Monday, March 5, 2012

Watch out for WOLFS

It's been another weird weekend over at the hospital, y'all. As I've probably mentioned on here before, weekends are the time when all my nice, normal, elective joint replacement patients are not there. So weekends are when I am either floated to another unit or I stay on my own unit but we get atypical patients there (OB-GYN issues, medical problems that don't involve bones, etc.)

Last night I got sent to another unit to do a one-on-one with a very large, schizophrenic patient with a history of methamphetamine use. I'll just let that sink in for a few minutes, shall I?

I spent 8 hours in a hospital room alone with someone who, on paper at least, I would normally sprint away from.

And boy, was it an unusual night.

As I soon discovered, my patient had quite a fascination with "wild animals". Since my patient was a little edgy, I took this person on about eighteen million walks around the floor to try to burn off some nervous energy, toting along the IV pole with us each time. On one of these jaunts, a framed poster of a baby animal that looked like some sort of canine caught my new friend's eye.

"Oh, is that a hyena? Look at him! He's so nice and symmetrical. I've never seen a hyena. One time I saw a wild animal that was like a bobcat or a wildcat or a mountain cat. I saw it walk by the window here too [note; we were NOT on a ground floor level]. One time I saw an Orca whale in a lake. They don't usually live in lakes, so I took a picture of it."

This proved to be a fruitful topic, so my patient thoughtfully provided me with more tidbits throughout the evening:
"If you were by the woods you might get picked off by a wild animal. Like some wolfs. Or mountain bobcats. You should really be careful. If a wild wolf comes out of the woods, you give it a cookie. If it takes the cookie, it'll just, like, go back into the woods. If it doesn't take the cookie, point to the lake. It'll go jump in the lake. I saw that happen but then the bobcat got eaten by an orca whale. In the lake. The whale just ate it all up. It was weird."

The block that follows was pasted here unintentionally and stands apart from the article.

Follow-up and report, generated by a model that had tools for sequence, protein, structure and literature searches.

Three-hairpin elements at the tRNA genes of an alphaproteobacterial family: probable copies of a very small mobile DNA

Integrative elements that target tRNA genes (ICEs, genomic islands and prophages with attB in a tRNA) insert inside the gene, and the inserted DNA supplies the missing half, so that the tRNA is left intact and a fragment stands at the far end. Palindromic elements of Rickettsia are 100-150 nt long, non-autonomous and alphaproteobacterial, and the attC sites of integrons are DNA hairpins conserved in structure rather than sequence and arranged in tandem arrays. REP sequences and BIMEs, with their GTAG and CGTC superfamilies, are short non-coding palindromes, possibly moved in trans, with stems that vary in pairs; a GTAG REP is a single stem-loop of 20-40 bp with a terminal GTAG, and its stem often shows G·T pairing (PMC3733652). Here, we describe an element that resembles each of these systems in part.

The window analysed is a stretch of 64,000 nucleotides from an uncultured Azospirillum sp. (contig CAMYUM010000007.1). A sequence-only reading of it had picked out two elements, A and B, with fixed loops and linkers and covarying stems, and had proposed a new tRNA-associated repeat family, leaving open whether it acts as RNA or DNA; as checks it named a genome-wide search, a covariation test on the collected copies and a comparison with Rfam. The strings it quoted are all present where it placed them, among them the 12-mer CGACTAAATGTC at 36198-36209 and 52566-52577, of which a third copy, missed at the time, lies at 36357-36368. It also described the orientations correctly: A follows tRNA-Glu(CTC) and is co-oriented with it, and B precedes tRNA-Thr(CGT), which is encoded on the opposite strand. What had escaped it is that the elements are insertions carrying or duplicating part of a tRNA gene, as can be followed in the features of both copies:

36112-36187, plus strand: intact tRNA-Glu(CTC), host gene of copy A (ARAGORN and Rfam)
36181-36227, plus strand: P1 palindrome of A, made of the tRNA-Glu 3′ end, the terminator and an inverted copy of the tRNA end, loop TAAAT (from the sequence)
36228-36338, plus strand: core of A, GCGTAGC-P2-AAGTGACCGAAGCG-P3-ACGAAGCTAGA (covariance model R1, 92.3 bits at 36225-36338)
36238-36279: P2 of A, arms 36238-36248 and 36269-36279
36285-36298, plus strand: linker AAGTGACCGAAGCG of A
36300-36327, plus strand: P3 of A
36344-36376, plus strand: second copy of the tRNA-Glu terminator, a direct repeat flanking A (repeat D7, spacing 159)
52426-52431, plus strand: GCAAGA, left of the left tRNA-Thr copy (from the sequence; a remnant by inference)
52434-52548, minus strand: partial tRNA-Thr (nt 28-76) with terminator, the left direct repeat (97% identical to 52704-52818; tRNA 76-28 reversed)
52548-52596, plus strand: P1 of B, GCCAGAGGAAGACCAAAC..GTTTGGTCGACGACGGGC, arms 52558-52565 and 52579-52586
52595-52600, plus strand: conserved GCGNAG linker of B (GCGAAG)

My patient had the flattest affect during all this, and consistently called wolves "wolfs" very clearly. I checked in with a nurse at one point to find out if perhaps this person was messing with me, and nope, the nurse said this patient was a bit of a 'frequent flyer' and advised me not to laugh at any advice or stories the patient told me.

We made it all through my shift just fine. Then tonight, in the cafeteria, I saw another CNA who works that unit. She said that my wild-animal-expert patient was pacing the floor, ranting, and attempting to get dressed in all sorts of things because the patient believed it was time to leave.

WHEW! I dodged a bullet there, didn't I? So glad I got floated last night instead of tonight!

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